2.3 – Congruence

Objectives

• Make valid congruence statements about two triangles.
• Discover and apply CPCTC (corresponding parts of congruent triangles are congruent).
• Use CPCTC to determine information about congruent triangles.
• Define the reflexive, transitive, and symmetric properties of congruence.
• Define and apply the three congruence transformations.

Key Terms

• Congruence Statement – A statement that tells which sides or angles of two triangles are congruent
• Congruence Transformation – An action that can be performed on a geometric object without changing its size or shape.
• After a congruence transformation, the perimeter of a triangle would be the same as it was before.
• Rotations (turns): rotating
• Translations (slides): translating
• Reflections (flips): reflecting
• Reflexive Property – The triangles are the exact same, with corresponding parts in the same order
• Symmetric Property – The triangles have been flipped (like in a mirror), so they are backwards from one another (like butterfly wings)
• Transitive Property – A syllogism (chain of events) involving triangles

• Congruent Triangles – Triangles with all congruent sides (equal in length) and all congruent corresponding angles (equal in measure).
• Congruent triangles have the same size and shape
• Congruent triangles have the same angle measures and side lengths
• The corresponding sides are congruent.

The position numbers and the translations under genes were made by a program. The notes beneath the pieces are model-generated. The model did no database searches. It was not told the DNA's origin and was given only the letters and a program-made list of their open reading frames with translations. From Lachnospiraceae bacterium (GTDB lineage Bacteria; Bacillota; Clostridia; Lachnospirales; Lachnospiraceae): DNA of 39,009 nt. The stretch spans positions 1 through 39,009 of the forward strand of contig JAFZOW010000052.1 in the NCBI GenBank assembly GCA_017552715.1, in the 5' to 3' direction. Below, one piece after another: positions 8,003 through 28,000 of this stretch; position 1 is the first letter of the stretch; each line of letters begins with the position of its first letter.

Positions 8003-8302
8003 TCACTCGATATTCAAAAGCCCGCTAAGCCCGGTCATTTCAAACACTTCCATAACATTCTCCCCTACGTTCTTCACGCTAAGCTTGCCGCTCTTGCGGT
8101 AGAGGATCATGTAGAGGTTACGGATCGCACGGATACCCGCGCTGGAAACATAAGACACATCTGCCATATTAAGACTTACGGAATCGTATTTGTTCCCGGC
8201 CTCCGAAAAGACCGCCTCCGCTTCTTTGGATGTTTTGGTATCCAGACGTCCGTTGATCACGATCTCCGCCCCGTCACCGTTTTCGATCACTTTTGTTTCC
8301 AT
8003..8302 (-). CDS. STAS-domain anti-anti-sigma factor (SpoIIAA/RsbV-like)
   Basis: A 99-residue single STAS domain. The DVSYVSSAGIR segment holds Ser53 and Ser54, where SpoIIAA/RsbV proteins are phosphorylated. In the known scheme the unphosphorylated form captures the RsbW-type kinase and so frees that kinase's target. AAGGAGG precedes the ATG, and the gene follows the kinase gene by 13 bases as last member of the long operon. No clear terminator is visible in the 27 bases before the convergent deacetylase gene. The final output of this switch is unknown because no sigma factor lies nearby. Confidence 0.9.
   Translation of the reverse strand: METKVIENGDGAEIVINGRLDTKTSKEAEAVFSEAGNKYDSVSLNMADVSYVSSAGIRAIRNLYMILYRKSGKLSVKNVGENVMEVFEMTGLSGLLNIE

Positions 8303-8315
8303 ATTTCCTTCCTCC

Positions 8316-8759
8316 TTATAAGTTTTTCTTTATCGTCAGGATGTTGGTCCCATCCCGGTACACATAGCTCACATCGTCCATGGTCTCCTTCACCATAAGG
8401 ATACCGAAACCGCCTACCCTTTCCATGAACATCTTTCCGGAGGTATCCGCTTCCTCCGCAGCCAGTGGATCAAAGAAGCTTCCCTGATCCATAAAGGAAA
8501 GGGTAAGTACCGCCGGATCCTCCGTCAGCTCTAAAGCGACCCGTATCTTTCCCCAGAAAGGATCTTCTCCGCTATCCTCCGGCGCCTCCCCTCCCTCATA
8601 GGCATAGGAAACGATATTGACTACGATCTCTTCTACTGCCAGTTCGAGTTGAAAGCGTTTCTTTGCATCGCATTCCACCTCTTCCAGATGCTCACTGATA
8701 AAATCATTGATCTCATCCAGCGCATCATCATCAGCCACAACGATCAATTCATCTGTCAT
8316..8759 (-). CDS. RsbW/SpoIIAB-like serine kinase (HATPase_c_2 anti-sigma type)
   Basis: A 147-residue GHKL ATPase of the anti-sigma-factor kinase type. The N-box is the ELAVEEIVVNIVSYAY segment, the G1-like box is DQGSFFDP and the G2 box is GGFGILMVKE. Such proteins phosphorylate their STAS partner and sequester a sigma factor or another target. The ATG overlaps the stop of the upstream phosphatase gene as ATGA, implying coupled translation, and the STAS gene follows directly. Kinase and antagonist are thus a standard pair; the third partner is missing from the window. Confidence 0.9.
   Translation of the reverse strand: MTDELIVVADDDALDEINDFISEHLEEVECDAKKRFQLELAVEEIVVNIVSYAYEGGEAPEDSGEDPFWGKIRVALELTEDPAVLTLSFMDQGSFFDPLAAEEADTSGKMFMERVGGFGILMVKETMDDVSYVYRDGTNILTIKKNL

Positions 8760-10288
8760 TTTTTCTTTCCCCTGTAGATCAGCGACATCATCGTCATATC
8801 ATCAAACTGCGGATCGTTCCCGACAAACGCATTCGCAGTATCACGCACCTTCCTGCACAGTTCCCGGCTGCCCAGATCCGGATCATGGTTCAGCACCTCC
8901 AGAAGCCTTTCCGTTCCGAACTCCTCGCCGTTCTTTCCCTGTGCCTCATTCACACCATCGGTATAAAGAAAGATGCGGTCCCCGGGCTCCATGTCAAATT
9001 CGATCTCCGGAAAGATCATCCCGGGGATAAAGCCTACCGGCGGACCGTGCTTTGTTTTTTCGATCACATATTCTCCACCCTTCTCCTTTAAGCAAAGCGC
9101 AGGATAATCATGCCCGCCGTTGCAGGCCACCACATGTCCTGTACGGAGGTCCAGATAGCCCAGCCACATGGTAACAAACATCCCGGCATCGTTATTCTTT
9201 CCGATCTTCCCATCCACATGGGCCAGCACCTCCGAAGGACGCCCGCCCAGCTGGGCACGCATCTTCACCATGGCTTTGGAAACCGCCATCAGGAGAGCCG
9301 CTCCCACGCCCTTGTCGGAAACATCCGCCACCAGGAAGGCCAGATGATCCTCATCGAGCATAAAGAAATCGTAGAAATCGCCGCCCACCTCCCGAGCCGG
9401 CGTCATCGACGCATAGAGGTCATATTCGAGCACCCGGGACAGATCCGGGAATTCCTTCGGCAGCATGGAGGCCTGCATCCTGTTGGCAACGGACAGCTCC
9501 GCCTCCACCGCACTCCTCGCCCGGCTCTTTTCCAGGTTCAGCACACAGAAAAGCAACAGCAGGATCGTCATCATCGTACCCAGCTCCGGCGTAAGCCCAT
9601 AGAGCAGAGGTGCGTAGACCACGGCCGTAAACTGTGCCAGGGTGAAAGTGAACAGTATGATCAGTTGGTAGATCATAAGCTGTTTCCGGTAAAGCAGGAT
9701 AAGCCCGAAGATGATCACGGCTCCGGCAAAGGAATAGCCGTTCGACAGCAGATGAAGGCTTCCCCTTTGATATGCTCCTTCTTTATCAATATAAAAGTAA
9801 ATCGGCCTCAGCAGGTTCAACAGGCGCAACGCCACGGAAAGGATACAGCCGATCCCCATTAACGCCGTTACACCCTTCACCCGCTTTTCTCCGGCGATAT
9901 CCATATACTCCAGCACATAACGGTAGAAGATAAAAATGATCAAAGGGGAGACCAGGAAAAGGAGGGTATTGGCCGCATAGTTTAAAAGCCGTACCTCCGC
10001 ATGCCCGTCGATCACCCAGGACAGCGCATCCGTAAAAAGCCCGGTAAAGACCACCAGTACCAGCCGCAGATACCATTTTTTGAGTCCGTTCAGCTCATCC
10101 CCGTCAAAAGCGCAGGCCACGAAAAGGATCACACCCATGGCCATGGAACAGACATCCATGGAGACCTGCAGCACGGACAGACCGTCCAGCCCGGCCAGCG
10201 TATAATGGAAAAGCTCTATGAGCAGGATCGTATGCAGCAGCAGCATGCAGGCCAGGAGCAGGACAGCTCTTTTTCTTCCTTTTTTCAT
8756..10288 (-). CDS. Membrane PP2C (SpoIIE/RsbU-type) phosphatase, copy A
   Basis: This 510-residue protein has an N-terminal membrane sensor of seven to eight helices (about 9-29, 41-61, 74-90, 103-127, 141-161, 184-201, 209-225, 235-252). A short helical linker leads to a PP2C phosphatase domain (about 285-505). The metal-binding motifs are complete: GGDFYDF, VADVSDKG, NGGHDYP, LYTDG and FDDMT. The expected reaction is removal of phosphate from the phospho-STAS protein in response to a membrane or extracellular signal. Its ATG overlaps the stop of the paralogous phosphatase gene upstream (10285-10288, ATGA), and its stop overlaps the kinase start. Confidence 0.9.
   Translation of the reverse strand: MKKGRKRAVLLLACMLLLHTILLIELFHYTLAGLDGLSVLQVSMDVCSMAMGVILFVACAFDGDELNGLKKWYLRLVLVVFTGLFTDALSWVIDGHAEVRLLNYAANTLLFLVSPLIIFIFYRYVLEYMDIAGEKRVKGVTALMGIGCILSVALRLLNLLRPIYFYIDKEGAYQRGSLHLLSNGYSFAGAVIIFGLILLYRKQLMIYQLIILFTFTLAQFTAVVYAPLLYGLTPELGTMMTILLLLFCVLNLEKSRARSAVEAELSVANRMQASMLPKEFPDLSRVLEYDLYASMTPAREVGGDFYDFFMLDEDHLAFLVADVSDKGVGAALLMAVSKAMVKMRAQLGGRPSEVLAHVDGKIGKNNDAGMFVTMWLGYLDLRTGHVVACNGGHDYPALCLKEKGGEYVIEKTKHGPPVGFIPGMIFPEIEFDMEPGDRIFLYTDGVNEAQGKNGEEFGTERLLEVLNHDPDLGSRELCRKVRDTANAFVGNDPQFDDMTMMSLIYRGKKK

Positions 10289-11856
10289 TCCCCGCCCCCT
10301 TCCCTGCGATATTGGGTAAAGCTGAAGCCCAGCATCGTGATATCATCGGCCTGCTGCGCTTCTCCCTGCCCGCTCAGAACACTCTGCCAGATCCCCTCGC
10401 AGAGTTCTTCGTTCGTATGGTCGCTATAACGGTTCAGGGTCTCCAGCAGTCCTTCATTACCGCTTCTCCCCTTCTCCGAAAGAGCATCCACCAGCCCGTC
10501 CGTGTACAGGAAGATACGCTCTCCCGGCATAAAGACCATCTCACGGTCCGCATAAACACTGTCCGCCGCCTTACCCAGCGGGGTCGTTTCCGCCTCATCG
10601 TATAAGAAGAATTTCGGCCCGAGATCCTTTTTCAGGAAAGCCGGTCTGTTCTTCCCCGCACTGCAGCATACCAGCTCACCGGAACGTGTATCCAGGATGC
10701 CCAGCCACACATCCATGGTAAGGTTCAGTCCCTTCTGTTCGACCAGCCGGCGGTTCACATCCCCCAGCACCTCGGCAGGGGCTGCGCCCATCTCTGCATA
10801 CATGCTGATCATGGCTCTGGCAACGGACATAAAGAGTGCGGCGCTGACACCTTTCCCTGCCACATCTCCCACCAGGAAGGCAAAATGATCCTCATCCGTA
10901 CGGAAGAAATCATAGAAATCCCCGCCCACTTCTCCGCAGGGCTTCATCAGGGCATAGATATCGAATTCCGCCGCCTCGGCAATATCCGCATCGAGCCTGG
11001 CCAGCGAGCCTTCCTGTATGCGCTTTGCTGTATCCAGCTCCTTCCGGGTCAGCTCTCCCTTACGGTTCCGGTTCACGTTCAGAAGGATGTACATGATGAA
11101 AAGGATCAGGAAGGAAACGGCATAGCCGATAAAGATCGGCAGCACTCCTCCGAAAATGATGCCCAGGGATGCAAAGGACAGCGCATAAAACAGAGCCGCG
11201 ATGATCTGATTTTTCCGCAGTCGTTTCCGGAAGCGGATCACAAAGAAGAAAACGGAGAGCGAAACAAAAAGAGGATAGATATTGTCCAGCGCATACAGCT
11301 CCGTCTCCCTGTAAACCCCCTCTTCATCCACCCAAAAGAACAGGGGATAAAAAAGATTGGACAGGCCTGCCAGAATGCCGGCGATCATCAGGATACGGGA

• The corresponding angles are congruent.
• CPCTC – Congruent Parts of Congruent Triangles are Congruent
• If 2 triangles are congruent, then all of their parts are congruent
• If all of the parts of two triangles are congruent, then the 2 triangles are congruent

Notes

Congruent Triangles
• If two triangles are congruent, then they can be moved so that they line up perfectly.
• You can find the corresponding parts of two congruent triangles by aligning them perfectly on top of each other.
• Congruent triangles may be flipped over or rotated (and can be lined up on top of one another).
• To figure out if two triangles are congruent, look at the order of the letters in one triangle and match them to the order in the other triangle.

$\Delta ZXY \cong \Delta CAB$

• Notice that the letters ZXY can be traced counter-clockwise, but the triangles are flipped; so, you need to start with C on the 2nd triangle and trace clockwise to match congruence.
• If you just look at the letters in the congruence statement, you will see that Z & C are both first, X & A are both second, and B & Y are both third.
• Congruent Sides
• $\overline{ZX} \cong \overline{CA}$
• $\overline{XY} \cong \overline{AB}$
• $\overline{YZ} \cong \overline{BC}$
• Congruent Angles
• $\angle Z \cong \angle C$
• $\angle X \cong \angle A$
• $\angle Y \cong \angle B$

• Example (without drawings)
• If the following triangles are congruent, what do you know about their corresponding parts?
• $\Delta GHI \cong \Delta LMN$
• Congruent Sides
• $\overline{GH} \cong \overline{LM}$
• $\overline{HI} \cong \overline{MN}$
• $\overline{GI} \cong \overline{LN}$
• Congruent Angles
• $\angle G \cong \angle L$
• $\angle H \cong \angle M$
• $\angle I \cong \angle N$

• Example with Side Lengths
• Assume $\Delta ABC \cong \Delta DEF$
• If AB = 12, BC = 15, and AC = 17, what is the length of $\overline{EF}$?
• Step 1: Draw two congruent triangles
• Step 2: Label the triangles with corresponding verticies
• Step 3: Label the side lengths
• Step 4: Compare the triangles to see what corresponding sides are missing their labels (lengths)
• If AB = 12, then DE = 12
• If BC = 15, then EF = 15
• If AC = 17, then DF = 17
• $\overline{EF}=15$
• $If \Delta HXA \cong \Delta RGI, then \Delta RGI \cong \Delta HXA$